Whether it is for technology or consumer products, the global market is now the best place to grow sales and profits. To fully realize the potential of these opportunities, executives must undergo a paradigm shift, strategically analyze data and build alliances before the first dollar changes hands.
“To sustain growth and allow the next generation of Americans to have a better life, we have to rethink globalization, identify opportunities and be contributors to the global economy rather than consumers,” says Dr. Yi Jiang, associate director of MBA Programs for Global Innovation at California State University, East Bay.
Smart Business spoke with Jiang and Dr. Glen Taylor, director of MBA Programs for Global Innovation at California State University, East Bay, about the process of identifying and making the most of ripe opportunities in the global marketplace.
What prevents U.S. executives from capitalizing on the best global opportunities?
Taylor: U.S. executives need a different approach to analyze and select global opportunities because our country is no longer the dominant market in the world. Our loss of supremacy means that we need to learn how to do business in other countries that don’t always comply with our culture and business practices. We must put ourselves in their shoes and see things from their perspective.
Jiang: We’ve had a tendency to view globalization in simplified terms and think of other countries as a resource for outsourced services and cheap labor. But when executives apply a different perspective to the analysis process and develop innovative products and solutions, they stand the best chance of succeeding outside the U.S.
What’s the first step in the identification process?
Taylor: The first step is demographic analysis, but unless executives take a deep dive into the data, they may overlook emerging trends and target the wrong customers. For example, a superficial analysis of Chinese demographics reveals no net population growth, but an in-depth study shows that social change is under way and people are urbanizing at the fastest rate in the world, adding tens of millions of new global consumers each year. This creates unprecedented demand growth.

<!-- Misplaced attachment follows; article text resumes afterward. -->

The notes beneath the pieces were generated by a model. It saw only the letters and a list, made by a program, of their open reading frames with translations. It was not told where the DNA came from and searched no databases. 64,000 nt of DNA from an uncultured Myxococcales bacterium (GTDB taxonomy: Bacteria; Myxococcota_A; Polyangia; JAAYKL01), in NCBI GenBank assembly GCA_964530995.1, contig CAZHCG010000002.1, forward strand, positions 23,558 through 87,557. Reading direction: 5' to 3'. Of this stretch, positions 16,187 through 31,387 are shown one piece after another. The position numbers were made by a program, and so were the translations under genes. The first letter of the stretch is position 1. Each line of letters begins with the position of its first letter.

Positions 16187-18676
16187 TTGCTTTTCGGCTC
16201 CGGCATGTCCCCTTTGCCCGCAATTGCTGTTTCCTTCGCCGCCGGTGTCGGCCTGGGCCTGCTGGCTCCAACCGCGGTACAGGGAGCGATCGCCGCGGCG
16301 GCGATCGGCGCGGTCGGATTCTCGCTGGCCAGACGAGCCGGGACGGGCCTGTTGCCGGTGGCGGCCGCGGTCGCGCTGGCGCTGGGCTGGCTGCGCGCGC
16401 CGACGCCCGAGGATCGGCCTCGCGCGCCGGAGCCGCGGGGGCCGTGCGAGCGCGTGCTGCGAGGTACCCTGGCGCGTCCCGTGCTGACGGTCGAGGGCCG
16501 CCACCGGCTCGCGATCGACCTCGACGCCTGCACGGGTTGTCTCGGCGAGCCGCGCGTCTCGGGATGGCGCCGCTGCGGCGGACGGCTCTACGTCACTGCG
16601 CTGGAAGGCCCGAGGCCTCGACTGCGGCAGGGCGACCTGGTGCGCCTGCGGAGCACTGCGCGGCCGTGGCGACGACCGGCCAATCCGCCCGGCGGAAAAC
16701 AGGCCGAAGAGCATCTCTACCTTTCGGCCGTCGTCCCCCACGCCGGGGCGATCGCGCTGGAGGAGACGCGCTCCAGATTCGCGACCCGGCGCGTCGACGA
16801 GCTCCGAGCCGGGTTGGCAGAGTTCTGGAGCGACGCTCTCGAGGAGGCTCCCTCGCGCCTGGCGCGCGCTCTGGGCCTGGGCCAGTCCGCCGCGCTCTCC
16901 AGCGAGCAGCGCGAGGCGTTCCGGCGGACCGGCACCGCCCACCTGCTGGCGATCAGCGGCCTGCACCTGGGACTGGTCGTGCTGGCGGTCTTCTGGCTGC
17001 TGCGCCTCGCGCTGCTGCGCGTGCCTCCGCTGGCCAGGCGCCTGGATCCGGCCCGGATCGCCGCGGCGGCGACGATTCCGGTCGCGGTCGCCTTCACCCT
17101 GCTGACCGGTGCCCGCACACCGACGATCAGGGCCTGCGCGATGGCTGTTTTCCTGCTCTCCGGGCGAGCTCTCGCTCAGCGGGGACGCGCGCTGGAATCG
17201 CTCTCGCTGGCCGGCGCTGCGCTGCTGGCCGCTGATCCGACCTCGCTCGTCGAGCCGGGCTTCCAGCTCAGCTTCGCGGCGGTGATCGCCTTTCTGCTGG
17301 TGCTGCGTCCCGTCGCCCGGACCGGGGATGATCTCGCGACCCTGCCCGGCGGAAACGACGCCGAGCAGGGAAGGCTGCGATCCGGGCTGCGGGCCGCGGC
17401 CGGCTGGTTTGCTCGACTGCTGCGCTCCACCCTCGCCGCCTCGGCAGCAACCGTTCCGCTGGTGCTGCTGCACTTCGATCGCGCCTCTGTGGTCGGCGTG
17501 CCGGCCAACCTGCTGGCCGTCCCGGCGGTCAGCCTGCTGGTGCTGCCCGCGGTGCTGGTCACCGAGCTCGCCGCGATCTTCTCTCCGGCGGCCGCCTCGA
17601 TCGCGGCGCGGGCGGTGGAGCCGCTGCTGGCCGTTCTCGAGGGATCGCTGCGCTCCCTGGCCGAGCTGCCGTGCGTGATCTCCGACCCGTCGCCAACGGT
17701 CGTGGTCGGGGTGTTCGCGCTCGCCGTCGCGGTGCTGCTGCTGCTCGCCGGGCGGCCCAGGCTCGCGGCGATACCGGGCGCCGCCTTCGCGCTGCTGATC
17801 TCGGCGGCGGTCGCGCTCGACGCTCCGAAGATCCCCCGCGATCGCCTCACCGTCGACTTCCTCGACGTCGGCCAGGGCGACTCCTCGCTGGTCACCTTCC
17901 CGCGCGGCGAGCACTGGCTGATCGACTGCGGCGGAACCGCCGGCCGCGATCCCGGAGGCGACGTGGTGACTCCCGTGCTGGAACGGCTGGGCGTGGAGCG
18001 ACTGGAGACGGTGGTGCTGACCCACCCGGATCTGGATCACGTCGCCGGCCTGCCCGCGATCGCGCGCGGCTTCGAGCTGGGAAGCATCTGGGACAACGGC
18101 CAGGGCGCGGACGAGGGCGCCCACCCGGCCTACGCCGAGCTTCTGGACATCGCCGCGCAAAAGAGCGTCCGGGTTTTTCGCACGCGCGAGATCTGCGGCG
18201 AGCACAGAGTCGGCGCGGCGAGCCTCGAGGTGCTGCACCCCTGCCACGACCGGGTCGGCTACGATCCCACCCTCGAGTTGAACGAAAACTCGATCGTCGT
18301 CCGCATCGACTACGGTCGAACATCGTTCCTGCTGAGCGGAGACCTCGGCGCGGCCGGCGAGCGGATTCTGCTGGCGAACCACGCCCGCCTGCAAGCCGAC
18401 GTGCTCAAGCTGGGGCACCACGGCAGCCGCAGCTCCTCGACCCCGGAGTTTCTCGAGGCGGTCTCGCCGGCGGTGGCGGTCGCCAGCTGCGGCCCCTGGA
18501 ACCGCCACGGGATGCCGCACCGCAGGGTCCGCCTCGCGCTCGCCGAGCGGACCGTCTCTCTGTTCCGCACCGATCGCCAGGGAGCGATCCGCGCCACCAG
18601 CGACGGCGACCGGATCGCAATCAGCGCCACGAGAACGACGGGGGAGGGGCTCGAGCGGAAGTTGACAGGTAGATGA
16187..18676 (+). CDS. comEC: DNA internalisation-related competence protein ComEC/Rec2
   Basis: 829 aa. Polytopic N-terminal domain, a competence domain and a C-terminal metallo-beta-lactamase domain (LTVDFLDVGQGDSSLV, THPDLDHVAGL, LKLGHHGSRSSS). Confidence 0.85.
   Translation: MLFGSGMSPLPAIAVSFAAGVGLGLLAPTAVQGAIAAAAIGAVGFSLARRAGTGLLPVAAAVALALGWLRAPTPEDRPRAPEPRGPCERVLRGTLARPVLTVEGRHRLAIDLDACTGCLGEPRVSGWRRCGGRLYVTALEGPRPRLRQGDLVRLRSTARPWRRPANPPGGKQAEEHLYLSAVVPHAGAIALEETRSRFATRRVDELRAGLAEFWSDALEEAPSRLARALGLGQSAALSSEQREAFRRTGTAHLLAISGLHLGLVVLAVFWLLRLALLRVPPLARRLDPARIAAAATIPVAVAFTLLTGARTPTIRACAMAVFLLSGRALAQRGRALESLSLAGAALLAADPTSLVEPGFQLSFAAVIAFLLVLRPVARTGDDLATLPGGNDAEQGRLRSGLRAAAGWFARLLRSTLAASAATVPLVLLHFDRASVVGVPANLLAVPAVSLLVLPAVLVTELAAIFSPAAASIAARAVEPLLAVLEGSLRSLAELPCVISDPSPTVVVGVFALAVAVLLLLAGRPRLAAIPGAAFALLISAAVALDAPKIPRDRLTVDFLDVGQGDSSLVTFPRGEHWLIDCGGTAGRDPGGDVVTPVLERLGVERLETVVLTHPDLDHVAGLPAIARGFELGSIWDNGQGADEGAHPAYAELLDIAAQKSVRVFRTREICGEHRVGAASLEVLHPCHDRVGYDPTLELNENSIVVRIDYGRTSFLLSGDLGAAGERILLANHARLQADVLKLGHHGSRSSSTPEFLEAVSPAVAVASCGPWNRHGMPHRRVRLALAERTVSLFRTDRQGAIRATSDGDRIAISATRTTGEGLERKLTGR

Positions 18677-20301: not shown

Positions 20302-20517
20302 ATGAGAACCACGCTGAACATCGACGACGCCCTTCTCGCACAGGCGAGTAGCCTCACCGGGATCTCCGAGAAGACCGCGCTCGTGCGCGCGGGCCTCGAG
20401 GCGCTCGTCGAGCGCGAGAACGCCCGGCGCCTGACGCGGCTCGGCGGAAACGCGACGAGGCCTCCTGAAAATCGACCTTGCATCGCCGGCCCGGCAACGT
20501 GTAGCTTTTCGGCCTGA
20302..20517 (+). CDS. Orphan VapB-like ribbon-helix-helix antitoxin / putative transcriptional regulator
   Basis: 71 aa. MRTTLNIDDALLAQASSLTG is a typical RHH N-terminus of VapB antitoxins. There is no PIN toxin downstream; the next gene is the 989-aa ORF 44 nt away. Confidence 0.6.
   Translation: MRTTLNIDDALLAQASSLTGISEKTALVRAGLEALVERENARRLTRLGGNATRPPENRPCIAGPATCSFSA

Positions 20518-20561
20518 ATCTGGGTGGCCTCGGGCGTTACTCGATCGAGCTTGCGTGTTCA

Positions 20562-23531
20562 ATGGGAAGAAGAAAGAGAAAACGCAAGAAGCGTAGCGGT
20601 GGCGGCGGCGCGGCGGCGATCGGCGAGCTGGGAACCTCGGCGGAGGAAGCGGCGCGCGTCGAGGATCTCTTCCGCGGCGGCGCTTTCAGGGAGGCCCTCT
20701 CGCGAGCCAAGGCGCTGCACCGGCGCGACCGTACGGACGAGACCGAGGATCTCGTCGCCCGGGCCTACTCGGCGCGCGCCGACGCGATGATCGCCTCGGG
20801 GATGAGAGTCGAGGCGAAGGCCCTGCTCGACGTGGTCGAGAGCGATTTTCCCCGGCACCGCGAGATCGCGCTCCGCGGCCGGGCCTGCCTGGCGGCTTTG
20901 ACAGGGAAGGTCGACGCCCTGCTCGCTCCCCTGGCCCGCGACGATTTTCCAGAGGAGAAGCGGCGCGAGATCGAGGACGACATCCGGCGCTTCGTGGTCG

Jiang: Each country has regional and generational differences that create unique opportunities on the consumer side. U.S. executives must consider dynamic industry cycles and a county’s openness and resources before attempting to position each country in the holistic picture of global strategy.
What’s the next step?
Jiang: Travel to the country to experience the culture, validate your hypothesis, and establish strategic business partnerships and networks. You’ll need seamless collaboration to understand the cultural nuances and build a supply chain. Infusing yourself in the culture will help you identify additional opportunities, since the best ideas often come from prospective partners, suppliers and customers.
Taylor: Business relationships are like a marriage, so prospective partners must get to know each other before making a commitment. And your travels may yield additional opportunities, especially if you view things with an eye for the innovations being developed in other markets.
What else must executives do to succeed in the global marketplace?
Jiang: Remember that global opportunities and situations are fluid, so what seems like a great idea today may not work tomorrow. Conduct extensive scenario analyses so you are prepared to perform under a variety of circumstances, and keep your finger on the pulse of prospective customers by garnering feedback through open source social networking.
Taylor: The key is to search out opportunities in global markets to develop innovative products and services that build on our strengths while embracing new ideas from other countries.
Dr. Glen Taylor is director of the MBA Programs for Global Innovation at California State University, East Bay. Reach him at email@example.com.
Dr. Yi Jiang is associate director of the MBA Programs for Global Innovation at California State University, East Bay. Reach her at firstname.lastname@example.org.